Taittinger Comtes de Champagne Blanc de Blancs 2000
Vintage Sparkling Wine from Champagne, France
The pale golden yellow color is illuminated by almost fluorescent green highlights. The bead, particularly fine and abundant, rises steadily to form a light ring of froth. The very fresh nose opens on contrasting, intense yet subtle, grilled, toasty notes. These are followed by aromas of candied citrus peel, lemon and vanilla tart, roasted almonds and finally a floral hint of dried flowers and lime blossom. The initial impression on the palate is expressive and powerful, dominated by the vivacious citrus fruit, especially ripe lemon. Mid palate the flavor is more delicate, with flavors of caramelized grape fruit. The lengthy rich finish reveals sweet licorice notes.
A perfect marriage of delicacy and intensity with freshness and harmony, Comtes de Champagne Blanc de Blancs 2000 reveals the full aging potential typical of the great chardonnays from the Côte des Blancs.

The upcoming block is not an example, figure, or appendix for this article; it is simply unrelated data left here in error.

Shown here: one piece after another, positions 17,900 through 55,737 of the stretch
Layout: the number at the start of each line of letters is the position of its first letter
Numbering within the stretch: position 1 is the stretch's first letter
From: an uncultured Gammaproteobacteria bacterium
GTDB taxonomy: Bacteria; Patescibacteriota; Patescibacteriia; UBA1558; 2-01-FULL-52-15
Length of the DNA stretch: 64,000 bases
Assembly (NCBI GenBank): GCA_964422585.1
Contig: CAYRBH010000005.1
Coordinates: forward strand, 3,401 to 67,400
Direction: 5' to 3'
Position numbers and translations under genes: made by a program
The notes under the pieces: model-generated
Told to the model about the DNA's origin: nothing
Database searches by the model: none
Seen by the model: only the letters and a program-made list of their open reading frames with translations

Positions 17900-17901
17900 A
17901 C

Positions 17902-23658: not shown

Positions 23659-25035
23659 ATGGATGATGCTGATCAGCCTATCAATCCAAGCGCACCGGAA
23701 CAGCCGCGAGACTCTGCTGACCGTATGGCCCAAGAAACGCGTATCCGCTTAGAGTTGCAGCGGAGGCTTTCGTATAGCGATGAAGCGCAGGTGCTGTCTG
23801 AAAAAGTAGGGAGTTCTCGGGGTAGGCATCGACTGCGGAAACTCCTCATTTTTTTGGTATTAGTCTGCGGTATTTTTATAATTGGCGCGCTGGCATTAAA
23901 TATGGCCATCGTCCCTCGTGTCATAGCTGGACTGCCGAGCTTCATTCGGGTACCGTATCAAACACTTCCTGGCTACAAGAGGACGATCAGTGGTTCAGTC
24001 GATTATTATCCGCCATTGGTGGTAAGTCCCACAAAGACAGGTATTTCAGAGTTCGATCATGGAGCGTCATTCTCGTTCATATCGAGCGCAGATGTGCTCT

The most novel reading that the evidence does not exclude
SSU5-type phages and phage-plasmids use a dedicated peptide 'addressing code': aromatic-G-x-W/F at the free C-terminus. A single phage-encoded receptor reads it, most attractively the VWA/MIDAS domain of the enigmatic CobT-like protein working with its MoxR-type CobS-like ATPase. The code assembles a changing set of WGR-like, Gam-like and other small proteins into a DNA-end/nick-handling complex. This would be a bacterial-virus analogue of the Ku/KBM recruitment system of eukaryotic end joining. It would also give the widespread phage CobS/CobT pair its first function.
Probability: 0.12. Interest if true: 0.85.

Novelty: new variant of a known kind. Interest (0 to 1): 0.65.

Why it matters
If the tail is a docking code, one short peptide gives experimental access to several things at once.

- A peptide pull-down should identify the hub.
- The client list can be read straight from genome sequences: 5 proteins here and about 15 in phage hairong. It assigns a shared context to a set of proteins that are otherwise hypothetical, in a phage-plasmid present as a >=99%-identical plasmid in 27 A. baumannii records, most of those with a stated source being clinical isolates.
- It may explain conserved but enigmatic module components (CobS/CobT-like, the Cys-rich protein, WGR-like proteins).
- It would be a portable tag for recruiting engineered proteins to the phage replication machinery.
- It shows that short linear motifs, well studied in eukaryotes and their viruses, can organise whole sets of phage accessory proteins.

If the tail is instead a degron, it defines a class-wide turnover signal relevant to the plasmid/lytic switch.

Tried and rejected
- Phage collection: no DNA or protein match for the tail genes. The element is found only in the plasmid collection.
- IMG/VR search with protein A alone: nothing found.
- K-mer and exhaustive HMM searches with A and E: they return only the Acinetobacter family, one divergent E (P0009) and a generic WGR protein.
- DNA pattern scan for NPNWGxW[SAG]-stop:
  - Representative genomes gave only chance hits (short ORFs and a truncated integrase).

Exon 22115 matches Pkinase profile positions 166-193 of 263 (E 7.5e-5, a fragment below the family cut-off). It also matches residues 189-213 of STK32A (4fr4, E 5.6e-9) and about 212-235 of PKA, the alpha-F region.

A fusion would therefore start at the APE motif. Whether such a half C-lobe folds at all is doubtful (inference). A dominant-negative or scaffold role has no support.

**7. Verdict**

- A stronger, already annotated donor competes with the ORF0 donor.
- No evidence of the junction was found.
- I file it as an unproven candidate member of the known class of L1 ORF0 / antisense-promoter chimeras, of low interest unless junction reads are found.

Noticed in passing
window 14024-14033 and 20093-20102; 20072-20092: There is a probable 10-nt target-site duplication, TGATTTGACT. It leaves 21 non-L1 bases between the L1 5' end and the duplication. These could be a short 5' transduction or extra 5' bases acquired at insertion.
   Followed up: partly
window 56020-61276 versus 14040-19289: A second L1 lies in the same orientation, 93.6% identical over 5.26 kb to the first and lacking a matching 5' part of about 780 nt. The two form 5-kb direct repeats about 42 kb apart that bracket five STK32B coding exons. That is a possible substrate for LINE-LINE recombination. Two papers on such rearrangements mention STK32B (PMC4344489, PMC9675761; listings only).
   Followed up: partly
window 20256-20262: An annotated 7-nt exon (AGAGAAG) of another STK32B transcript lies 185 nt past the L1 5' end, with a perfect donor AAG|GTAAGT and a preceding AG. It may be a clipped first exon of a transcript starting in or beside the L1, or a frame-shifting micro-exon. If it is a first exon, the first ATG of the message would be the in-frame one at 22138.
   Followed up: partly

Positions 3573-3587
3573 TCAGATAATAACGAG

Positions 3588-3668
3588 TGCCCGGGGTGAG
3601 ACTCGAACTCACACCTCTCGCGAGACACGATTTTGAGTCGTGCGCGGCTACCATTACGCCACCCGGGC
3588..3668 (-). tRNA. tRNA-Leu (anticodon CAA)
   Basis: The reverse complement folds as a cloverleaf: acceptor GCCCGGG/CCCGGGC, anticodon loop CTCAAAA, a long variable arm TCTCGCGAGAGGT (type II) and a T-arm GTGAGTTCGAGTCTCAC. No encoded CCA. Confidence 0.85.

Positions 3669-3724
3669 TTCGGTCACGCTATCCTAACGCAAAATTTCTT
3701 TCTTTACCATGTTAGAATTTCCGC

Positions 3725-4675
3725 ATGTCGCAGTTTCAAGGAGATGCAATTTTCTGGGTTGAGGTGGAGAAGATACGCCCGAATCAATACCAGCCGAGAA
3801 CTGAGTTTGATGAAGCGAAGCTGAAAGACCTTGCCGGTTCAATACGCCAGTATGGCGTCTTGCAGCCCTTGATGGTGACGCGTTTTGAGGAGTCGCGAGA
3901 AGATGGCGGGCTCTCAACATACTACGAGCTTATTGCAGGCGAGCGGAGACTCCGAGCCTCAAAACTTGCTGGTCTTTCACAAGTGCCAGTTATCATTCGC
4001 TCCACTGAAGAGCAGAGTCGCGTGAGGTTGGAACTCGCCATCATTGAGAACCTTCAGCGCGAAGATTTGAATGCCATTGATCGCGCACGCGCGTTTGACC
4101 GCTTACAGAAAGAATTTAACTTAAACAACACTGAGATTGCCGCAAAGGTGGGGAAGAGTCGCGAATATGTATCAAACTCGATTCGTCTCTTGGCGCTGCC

This wine will be appreciated at any celebration to enhance those wonder fully intense, rare moments. It will go very well with seafood or fish starters (such as white tuna carpaccio with truffles).
The Wine Advocate - "The 2000 Brut Blanc de Blancs Comtes de Champagne is a huge wine bursting with ripe varietal fruit, smoke, ash, crushed rocks and slate. This is an unusual Comtes that deftly balances richness and power while maintaining considerable minerality. The 2000 will be hard to resist in its youth, but should also age beautifully for a number of years. It is a stunning, flat-out great bottle."
Wine Spectator - "A savory, aromatic accent of dried herb and candied orange peel notes mixes with yellow peach, kumquat, honey, graphite and creamy mineral. Very refined and elegant, with finely tuned acidity driving this to the mouthwatering finish. Drink now through 2020. 1,700 cases made."
Vinous / Antonio Galloni - "Pale gold. Deep, pungent aromas of dried pear, toasted nuts and grain and white flowers, with a subtle citrus note in the background; pretty exotic stuff. Broad and silky in texture, with slow-mounting minerality adding focus to its powerful, smoke-accented orchard fruit flavors. Shows an energetic, spicy quality on the finish, which echoes the mineral, smoke and floral notes. This Champagne is still very young but I suspect that it will be more a mid-term drinker than a long ager."